21. 21. Land Use Strategy Action Plan Lead + key partners Scottish Government + the MRPs, FCS, SEPA, SNH, Centre for Ecology and Hydrology (CEH) and the Centres of Expertise. Deliverables • Further information notes and guidance on the ecosystems approach to support existing decision-making. • Case studies (including statutory plans) incorporating an ecosystems approach as a core methodology. • Comprehensive mapping of ecosystem services. Short term milestones • Interim Field Guide to implementation of the ecosystems approach – 2012. • Proposals and guidance for building natural capital through the National Ecological Network – mid 2012. • Water environment mapping by SEPA of key ecosystem services; practical indicators of their status; and relevant pressures acting upon them – mid 2012. This information will be assessed for its potential to inform characterisation and significant water management issues for the first reviews of RBMPs due in 2015. Long term milestones • Interim Case Examples – 2013. • Projects which demonstrate the benefits of adopting an ecosystem approach to developing the National Ecological Network. • An ecosystem health and state of ecosystem services view of Scotlands environment on SEWeb. • Full Field Guide with range of sectoral and cross-sectoral examples. • Accessible geographic data on ecosystems services. • Research exploring the potential for compatibility between EIA/SEA tools and the ecosystems approach. Risks Decision makers do not recognise that an ecosystems approach has something to offer them in improving decisions. The additional information requirements may put some decision makers off using the approach. 17
  22. 22. Land Use Strategy Action PlanObjective 2Proposal 9 Develop a methodology to take account of changes in soil carbon for carbonaccounting purposes; improve understanding of potential benefits from conservation andmanagement of carbon-rich soils; and deliver measures to help secure long-termmanagement of all land-based carbon stores.This Proposal will build on a range of existing work. In March 2011 SEPA co-ordinatedpublication of a report on The State of Scotland’s Soils, which followed a discussion paper oncarbon-rich soils in December 2010 by the Scottish Government. The aim of the Proposal isto make accounting of changes in soil carbon part of the overall framework of land usedecision-making and promote measures for long-term management of soils rich in carbon.SNH is developing with partners a programme for peatland restoration and enhancement.Achieving that aim requires action not only in Scotland, supported by resources such as theGovernment’s Strategic Research Programme, but also through our involvement with, andinfluencing of, international actions and decision-making.The Soils Focus Group is a key forum for this work within Scotland. Initiatives such as theWoodland Carbon Code and associated reporting guidelines are important for both Scotlandand the UK. We will engage with EU-level CAP reform discussions, and theIntergovernmental Panel on Climate Change (IPCC) on emissions reporting. 18
  23. 23. Land Use Strategy Action Plan Lead + key partners Scottish Government + DECC, Defra, CEH, MRPs, FCS, SEPA, SNH, SAC, ClimateXChange, Centre of Expertise on Water, NGOs. Deliverables • IPCC process on development of international reporting rules, 2011 – 2013. • Methodology to incorporate the impact of peatland restoration measures into GHG inventory. • Stakeholder consideration of the usefulness of these measures in a Scottish context. Short term milestones • Host IPCC science review meeting – Edinburgh, Jan 2012. • Support IPCC author meetings – Feb and Jul 2012. • More robust and detailed map of carbon stocks linked to actual land use patterns in Scotland – 2012. • Framework for multiple benefits from carbon-rich soils including ecological and hydrological functions – 2012. • Pilot areas for peatland restoration identified. Long term milestones • IPCC process on development of methods - will not conclude before mid/late 2013. Measures to deliver long-term conservation of soil carbon stocks integrated with adaptation actions for the land use sector in 2015 (linked to Proposal 10). Risks Failure to deliver evidence to promote scientific consensus. Method agreement required at future UNFCCC COP meetings. Funding of proposed measures not secured. 19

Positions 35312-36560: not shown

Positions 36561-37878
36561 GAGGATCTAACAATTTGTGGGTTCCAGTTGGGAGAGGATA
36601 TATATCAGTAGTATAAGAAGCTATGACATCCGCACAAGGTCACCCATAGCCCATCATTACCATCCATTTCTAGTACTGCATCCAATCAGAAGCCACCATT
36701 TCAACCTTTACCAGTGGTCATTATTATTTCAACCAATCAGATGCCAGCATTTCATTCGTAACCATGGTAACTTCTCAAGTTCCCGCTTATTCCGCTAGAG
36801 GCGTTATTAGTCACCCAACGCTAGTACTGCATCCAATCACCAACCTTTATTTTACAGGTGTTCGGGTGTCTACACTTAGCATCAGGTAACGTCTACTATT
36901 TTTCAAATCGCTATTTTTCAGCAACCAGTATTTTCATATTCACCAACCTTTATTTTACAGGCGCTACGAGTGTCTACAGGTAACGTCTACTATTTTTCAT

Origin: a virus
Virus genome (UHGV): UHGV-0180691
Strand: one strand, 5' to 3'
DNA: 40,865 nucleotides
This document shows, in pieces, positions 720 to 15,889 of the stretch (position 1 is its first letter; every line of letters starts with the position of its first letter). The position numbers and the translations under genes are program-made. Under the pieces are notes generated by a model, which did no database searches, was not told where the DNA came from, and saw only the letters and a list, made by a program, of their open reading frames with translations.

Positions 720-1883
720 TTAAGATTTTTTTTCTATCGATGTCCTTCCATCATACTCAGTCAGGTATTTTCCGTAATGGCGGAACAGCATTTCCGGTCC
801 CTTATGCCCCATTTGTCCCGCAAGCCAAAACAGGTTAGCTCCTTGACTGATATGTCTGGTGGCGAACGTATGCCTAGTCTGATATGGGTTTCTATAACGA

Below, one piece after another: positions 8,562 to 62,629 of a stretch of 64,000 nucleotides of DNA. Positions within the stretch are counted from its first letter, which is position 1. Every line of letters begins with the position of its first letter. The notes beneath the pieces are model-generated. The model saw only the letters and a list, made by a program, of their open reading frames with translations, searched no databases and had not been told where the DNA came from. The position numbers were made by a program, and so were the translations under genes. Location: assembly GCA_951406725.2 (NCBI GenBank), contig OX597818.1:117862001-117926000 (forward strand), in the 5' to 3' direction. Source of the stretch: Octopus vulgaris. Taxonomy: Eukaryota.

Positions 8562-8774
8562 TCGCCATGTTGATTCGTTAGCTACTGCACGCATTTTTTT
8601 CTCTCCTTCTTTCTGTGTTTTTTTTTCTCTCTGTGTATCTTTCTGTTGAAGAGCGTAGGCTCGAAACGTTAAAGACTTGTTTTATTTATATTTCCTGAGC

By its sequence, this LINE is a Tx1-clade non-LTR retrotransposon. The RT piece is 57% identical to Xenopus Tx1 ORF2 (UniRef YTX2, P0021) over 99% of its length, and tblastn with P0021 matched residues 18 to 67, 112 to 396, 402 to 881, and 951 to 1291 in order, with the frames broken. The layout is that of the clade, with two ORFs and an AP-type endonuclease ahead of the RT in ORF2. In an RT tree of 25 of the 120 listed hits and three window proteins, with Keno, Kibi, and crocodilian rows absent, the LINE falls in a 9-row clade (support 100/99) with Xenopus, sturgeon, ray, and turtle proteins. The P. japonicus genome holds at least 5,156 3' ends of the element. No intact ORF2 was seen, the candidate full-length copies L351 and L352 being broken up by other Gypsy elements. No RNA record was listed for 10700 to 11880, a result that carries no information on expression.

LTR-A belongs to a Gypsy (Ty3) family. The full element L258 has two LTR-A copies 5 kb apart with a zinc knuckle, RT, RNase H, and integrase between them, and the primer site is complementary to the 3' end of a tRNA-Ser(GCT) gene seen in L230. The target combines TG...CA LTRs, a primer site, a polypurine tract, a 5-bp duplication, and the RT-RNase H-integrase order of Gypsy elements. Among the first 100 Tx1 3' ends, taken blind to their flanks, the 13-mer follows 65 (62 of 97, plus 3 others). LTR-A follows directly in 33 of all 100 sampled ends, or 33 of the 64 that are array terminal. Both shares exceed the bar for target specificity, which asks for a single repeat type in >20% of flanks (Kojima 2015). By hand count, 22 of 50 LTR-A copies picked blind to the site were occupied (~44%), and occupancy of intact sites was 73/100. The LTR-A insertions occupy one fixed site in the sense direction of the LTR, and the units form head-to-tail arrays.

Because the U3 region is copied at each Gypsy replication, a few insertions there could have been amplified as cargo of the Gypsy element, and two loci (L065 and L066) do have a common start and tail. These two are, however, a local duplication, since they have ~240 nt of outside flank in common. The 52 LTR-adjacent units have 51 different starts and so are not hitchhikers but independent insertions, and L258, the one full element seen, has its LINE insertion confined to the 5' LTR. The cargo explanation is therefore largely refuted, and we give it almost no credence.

24. 24. Land Use Strategy Action PlanObjective 2Proposal 10 Investigate the relationship between land management changes andecosystem processes to identify adaptation priorities.This proposal responds to a research requirement to identify and understand therelationships between ecosystem functions and services and land management practices.Improved information on these relationships will better enable land use in Scotland to meetthe challenges of adapting to a changing world. In particular, the proposal seeks toinvestigate the ability to sustain beneficial ecosystem services and to identify trade-offsbetween these within the context of changing land management. This is a cross-cuttingproposal which links to other proposals in the Land Use Strategy (notably Proposal 8) and inaddition to a range of environmental and rural policy areas.Achieving this understanding requires substantial research and stakeholder engagement.The Ecosystem Approach Working Group is a key forum for this work. Of particularrelevance to this proposal is the environmental change programme of the ScottishGovernment Strategic Research Programme and the new Scottish Centres of Expertise. 20